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Archive for June, 2009

A few weeks ago a friend of ours went deep sea fishing. It sounds interesting, but not sure if I could do it (physically or mentally). However, when he offered us some of his haul, I was more than happy to take it off his hands. We scored some red snapper, amberjack and mackerel.

Snappah

Snappah

A few days ago I made the red snapper. I did almost nothing to it. Squeezed lemon juice over it and stuck it in the oven. When it was done and ready to plate, I had a hard time getting it to come off in one piece, so I ended up just pulling chunks off with a fork and placing them on top of a pile of arugula from my CSA box. Even before adding just a little salt and pepper, it was the best red snapper I ever tasted. Amazing! I served it up with some steamed green beans and squash I got in my CSA box. (I think the beans got a little discolored from the lemons I dropped in there…or did I just cook them too long? Hmmm.)

Today was a day of ups and downs, kitchen kung fu yo-yoing. I haven’t made bread for a while, ever since my sorrowfully neglected starter began growing something orange in it (ack) and I had to toss it. But a few days ago I mixed up a new batch of starter and left it on the counter to work its magic. Ok, kung faux pas – I can’t believe I did it again. I forgot how it turns into frankenstarter and grows into a massive blob. I put it in a container that was too small and ended up with starter all over the counter. Grrr.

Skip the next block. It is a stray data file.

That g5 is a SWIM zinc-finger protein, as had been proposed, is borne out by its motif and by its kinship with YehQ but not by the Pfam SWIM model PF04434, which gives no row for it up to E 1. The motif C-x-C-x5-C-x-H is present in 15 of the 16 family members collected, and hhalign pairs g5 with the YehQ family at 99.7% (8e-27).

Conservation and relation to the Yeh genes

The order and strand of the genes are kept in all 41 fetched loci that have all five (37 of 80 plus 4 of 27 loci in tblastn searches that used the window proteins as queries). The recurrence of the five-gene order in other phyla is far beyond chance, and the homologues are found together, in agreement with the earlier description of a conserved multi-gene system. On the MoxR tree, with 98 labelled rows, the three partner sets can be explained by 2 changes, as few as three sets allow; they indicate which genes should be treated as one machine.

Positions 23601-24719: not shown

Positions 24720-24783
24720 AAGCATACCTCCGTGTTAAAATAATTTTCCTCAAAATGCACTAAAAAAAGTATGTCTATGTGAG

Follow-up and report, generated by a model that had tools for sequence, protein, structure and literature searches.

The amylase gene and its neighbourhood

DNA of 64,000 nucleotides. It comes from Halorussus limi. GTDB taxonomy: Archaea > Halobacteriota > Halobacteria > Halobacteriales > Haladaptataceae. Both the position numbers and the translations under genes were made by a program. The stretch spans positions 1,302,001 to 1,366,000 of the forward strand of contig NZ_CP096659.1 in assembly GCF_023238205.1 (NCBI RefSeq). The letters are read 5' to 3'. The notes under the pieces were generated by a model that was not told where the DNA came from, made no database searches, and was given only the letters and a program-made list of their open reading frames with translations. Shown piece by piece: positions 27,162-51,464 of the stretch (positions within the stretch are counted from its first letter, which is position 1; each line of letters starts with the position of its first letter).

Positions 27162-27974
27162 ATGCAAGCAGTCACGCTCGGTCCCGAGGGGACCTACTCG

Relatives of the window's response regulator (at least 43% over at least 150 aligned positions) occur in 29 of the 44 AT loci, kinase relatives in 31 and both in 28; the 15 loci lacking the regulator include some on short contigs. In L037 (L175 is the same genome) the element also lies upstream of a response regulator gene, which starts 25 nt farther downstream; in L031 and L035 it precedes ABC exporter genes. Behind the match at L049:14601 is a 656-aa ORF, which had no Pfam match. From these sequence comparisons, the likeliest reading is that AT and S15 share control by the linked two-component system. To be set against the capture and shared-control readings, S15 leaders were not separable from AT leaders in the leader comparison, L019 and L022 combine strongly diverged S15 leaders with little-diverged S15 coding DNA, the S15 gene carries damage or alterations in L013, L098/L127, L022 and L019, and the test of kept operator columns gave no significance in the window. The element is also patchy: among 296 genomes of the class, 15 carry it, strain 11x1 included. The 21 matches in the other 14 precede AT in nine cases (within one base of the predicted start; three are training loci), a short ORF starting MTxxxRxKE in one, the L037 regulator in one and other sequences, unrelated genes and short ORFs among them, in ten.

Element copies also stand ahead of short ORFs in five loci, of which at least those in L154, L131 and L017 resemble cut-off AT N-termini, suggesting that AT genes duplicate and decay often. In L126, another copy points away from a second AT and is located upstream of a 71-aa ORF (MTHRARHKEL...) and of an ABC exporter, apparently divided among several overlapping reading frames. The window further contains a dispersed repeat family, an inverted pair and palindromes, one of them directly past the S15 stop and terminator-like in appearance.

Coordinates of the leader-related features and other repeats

Anyway, I left it on the counter (in a bigger container) for about two and a half days this time (last time only about 24 hours). I think that concentrated the yeasties because it was very flat when I scooped out my 1 1/2 cups of starter to make my bread, but when it was rising it was out of control. Also, it was suuuuper sticky. When I was dividing the dough between the two loaf pans I couldn’t get it off of my fingers. It was nasty. However, it seemed to bake up ok, not too bad looking, but when I cut a slice and tasted it…I realized I’d forgotten to add the SALT when I made the dough. Major kung faux pas. I’m so embarrassed. The good news is that this did not stop test subject Bill from plowing his way through half the loaf at dinner. We both enjoyed the very light, porous texture of the bread, which I think is a result of the starter’s long rest.

I got a pint of blueberries in my CSA box so I’ve been thinking muffins like crazy. Using the blueberry muffin recipe in How to Cook Everything, I whipped up a batch. Unfortunately I realized that my baking powder was expired. So I added a little extra in case it was losing its lift. I don’t think that was a good idea. I also think I over-stirred and let my batter get too dry. The muffins were dry, marginally edible and a disappointing waste of good blueberries. Poop.

Apparently I was in the mood to cut vegetables today (or just wanted to cut the heck out of something) because I ended up making two salads for dinner. First is one I’ve made often, an insalata with heirloom tomatoes (from North Carolina via Whole Foods), fresh mozzerella, red onion, basil (Georgia grown, via Whole Foods), olive oil salt and pepper. Sometimes I add balsamic vinegar to this, but with how delicious the tomatoes were I didn’t want to detract from that. It was super yum, and Bill had two servings.

Second is something I came up with to use some zucchini and yellow squash (from South Carolina via Whole Foods). I sliced up the veggies, salted and peppered, chopped up some chives from my CSA box, then added fresh parsley from my back deck. Drizzled with olive oil and red wine vinegar. I had red onion left so I tossed some in for good measure. This concoction marinated in the fridge for about six hours. It was so good even Bill, with his hatred of onions, ate it! Wonders never cease.

Summer salad plate

Summer salad plate

Here’s the plate I put together for dinner, from the top: smoked salmon, leiden cheese (from my CSA box), marinated squash stuff, insalata, fresh bread and in the center is some garlic I roasted up. It was all very good and I felt redeemed from my day of DUHs.